McNally's dash beats the Yankees in the 10th
September 30, 1916 ...
In one of the most thrilling games ever played in Boston, the Champions defeated the Yankees, 1 to 0 in a 10 inning battle. More than 14,000 fans were keyed up from the first pitch until Mike McNally crossed the plate in the 10th with the winning and
only run of the game. The weather conditions were anything but favorable as a strong wind blew across the field, with reliable fielders like Duffy Lewis and Harry Hooper muffing balls, thus forcing Dutch Leonard to pitch with even more intensity.
Nick Cullop started for New York and pitched with perfect control, giving Leonard no chance to ease up for a second. It was a clear case of which pitcher would crack first, or which team would make the first miscue. Both teams ran as smooth as
glass, battling back and forth throughout the game. For 10 innings only two men got anywhere near home plate. In the third Joe Gedeon was thrown out at home on a hit to shortstop Everett Scott, and in the fifth Roger Peckinpaugh nailed Scott when Bill Carrigan sent him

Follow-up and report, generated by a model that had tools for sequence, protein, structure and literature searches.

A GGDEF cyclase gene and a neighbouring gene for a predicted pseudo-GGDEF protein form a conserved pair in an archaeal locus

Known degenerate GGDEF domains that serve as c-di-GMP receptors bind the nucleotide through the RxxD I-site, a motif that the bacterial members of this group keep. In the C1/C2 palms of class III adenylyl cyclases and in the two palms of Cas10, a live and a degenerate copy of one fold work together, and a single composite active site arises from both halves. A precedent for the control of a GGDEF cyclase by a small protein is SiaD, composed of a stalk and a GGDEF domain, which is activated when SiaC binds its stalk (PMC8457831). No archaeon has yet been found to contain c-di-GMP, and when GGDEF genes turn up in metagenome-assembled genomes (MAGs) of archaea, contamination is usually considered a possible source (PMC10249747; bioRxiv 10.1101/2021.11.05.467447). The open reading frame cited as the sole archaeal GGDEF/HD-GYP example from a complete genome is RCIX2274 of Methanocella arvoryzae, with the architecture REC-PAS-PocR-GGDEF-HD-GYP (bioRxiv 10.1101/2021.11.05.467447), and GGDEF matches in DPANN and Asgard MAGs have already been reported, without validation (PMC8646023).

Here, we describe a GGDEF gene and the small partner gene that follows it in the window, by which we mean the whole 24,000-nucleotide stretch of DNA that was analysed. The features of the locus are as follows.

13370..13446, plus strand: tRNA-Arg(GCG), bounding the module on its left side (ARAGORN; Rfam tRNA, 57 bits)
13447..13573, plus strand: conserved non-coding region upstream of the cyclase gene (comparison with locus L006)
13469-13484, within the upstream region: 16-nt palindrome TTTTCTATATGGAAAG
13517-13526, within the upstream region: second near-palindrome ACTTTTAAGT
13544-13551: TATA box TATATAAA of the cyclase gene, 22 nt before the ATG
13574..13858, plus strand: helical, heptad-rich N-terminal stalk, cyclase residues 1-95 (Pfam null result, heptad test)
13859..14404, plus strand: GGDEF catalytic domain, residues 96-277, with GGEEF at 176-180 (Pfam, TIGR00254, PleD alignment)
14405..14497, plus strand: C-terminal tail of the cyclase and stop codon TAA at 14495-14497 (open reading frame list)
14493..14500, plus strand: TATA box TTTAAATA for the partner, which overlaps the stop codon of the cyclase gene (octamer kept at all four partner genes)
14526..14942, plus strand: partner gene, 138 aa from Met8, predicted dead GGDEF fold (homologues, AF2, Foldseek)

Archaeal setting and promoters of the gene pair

in on a grounder.
In the tenth inning it changed when Scott led off with a sharp single. Carrigan then laid a bunt down the first base line sending Scotty to second. Wally Pipp fielded the bunt but nobody was covering first. The speedy Mike McNally was then
sent in to run for Scott at second, and Pinch Thomas was called on to bat for Dutch. Thomas drove the ball down third toward Frank Baker who, in his haste, fumbled the ball, allowing the base to get loaded. Up came Harry Hooper who sent a smash into the gale that got held up
for a short out in short right, and to everyone's surprise McNally was tagging and breaking for home after the catch. The wind helped the throw sail to the right and the Red Sox had stolen the game.
While all this was going on, the White Sox were winning two games in Cleveland, and now the Sox just need one more win, or a White Sox loss to win the pennant. President Lannin will go to New York next week where a coin will be flipped to see where the
World Series will be started.